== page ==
The Java programming language is a statically typed language. This means that each and every variable we use in our programs must be declared with a name and a type before we can use it. The Java compiler can then perform a step known as type checking, which verifies that we are using the proper data types in our program.

The major advantage of this approach is that many errors in our computer programs can be discovered by the compiler, well before we ever try to run the program directly. It can also help us determine what the cause of the error is by stating that it is a type error, giving us a clue toward how it could be solved.

One downside to this approach is that it makes our programs a bit more complex, as we must think ahead about what types of data we’ll be storing in each variable, and we’ll need to write our programs carefully to avoid type errors. However, it may also make our programs easier to manage later on, as we’ll know exactly what type of data is stored in each variable at any given point in the program’s execution.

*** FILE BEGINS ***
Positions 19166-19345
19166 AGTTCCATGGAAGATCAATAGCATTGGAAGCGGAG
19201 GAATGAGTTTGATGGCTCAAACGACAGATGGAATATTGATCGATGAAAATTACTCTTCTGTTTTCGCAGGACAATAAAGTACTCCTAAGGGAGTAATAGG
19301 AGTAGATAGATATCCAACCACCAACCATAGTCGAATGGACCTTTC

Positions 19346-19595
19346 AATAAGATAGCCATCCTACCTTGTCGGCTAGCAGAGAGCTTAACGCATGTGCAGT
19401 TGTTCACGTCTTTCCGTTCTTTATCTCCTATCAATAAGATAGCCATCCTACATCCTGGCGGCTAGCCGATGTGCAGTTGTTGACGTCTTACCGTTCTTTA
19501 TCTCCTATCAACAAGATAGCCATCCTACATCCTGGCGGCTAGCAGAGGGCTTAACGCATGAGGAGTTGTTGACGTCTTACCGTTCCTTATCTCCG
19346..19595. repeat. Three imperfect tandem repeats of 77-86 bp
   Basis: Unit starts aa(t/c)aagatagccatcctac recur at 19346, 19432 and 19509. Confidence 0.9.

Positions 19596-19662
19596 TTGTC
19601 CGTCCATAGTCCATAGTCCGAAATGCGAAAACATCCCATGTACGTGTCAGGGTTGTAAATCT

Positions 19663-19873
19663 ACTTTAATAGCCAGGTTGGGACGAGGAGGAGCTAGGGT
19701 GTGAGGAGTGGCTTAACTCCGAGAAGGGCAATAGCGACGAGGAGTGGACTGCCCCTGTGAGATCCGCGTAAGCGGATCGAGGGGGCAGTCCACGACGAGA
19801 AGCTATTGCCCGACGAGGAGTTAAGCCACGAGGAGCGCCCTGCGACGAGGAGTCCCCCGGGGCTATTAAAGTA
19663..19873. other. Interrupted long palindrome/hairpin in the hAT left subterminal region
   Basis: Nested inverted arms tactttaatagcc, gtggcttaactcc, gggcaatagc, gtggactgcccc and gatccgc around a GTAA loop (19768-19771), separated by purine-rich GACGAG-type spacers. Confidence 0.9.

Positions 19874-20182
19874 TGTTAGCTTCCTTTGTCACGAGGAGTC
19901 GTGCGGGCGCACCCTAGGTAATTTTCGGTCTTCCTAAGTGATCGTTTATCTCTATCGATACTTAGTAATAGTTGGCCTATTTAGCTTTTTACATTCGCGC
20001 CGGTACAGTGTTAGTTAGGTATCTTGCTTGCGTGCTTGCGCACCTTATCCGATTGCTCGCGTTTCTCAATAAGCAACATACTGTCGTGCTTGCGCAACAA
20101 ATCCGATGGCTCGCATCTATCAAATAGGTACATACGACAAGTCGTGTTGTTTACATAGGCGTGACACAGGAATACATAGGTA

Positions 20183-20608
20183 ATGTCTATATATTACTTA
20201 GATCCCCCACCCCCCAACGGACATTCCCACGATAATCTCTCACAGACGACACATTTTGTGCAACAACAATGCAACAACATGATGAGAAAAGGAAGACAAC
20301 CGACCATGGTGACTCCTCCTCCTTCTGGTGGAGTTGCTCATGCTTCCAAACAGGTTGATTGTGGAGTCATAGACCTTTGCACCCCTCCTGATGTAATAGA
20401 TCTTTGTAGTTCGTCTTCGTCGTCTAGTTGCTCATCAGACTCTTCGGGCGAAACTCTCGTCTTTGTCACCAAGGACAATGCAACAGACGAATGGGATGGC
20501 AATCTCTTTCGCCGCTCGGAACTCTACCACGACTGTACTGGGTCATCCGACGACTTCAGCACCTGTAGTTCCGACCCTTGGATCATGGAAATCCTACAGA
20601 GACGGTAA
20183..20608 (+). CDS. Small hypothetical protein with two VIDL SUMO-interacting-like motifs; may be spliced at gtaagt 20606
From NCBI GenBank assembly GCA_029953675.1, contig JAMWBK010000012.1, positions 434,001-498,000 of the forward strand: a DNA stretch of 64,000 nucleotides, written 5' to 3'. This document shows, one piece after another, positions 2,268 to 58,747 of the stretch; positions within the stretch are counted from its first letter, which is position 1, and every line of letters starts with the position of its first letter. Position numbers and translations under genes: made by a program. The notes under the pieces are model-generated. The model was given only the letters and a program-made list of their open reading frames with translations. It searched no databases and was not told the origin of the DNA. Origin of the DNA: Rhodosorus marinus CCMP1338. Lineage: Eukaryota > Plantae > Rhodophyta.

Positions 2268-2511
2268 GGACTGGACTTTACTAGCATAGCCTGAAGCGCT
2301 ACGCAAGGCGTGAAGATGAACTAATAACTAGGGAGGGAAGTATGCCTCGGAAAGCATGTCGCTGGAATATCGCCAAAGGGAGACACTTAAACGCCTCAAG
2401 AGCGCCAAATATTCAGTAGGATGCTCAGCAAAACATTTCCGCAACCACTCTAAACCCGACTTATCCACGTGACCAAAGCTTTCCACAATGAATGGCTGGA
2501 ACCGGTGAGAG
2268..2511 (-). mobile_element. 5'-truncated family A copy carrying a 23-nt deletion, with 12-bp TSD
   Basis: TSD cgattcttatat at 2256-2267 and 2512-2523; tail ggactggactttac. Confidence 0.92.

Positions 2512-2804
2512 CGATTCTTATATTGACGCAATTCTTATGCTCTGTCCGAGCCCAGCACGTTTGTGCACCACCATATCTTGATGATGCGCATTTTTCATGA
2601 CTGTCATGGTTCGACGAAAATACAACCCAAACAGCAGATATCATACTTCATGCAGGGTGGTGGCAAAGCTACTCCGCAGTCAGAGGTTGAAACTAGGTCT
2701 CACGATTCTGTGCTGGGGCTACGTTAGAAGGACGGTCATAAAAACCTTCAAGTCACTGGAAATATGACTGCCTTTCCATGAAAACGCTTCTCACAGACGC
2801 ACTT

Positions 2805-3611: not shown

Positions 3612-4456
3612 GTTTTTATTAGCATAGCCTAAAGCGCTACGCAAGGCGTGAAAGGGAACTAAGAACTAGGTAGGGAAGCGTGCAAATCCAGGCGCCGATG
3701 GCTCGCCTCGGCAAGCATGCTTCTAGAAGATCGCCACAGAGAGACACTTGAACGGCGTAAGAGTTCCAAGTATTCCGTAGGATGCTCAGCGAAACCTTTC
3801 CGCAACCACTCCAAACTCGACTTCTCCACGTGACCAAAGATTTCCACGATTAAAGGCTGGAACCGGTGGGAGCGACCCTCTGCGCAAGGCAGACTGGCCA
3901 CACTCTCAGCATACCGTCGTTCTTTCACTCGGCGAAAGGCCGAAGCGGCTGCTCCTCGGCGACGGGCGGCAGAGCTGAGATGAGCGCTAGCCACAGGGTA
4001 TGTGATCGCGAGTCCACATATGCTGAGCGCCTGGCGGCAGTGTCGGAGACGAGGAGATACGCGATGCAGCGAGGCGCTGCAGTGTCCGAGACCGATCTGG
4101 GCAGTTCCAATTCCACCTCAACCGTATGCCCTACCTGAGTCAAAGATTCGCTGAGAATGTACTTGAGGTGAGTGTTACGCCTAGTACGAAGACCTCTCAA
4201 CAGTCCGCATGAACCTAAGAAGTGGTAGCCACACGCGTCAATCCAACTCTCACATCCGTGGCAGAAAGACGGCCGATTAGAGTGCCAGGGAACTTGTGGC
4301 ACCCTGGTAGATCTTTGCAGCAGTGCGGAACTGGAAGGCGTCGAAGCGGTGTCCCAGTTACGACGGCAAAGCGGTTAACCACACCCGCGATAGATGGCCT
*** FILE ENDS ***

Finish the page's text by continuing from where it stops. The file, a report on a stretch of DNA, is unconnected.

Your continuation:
To make dealing with types a bit easier, Java will automatically coerce data from a “narrower” data type to a “wider” data type without any additional code. For example, an integer in Java can be stored in a floating point variable.

However, the opposite case is not true. In Java, we cannot store a floating point number in an integer without explicitly converting the data type. We’ll see how to do that later in this chapter.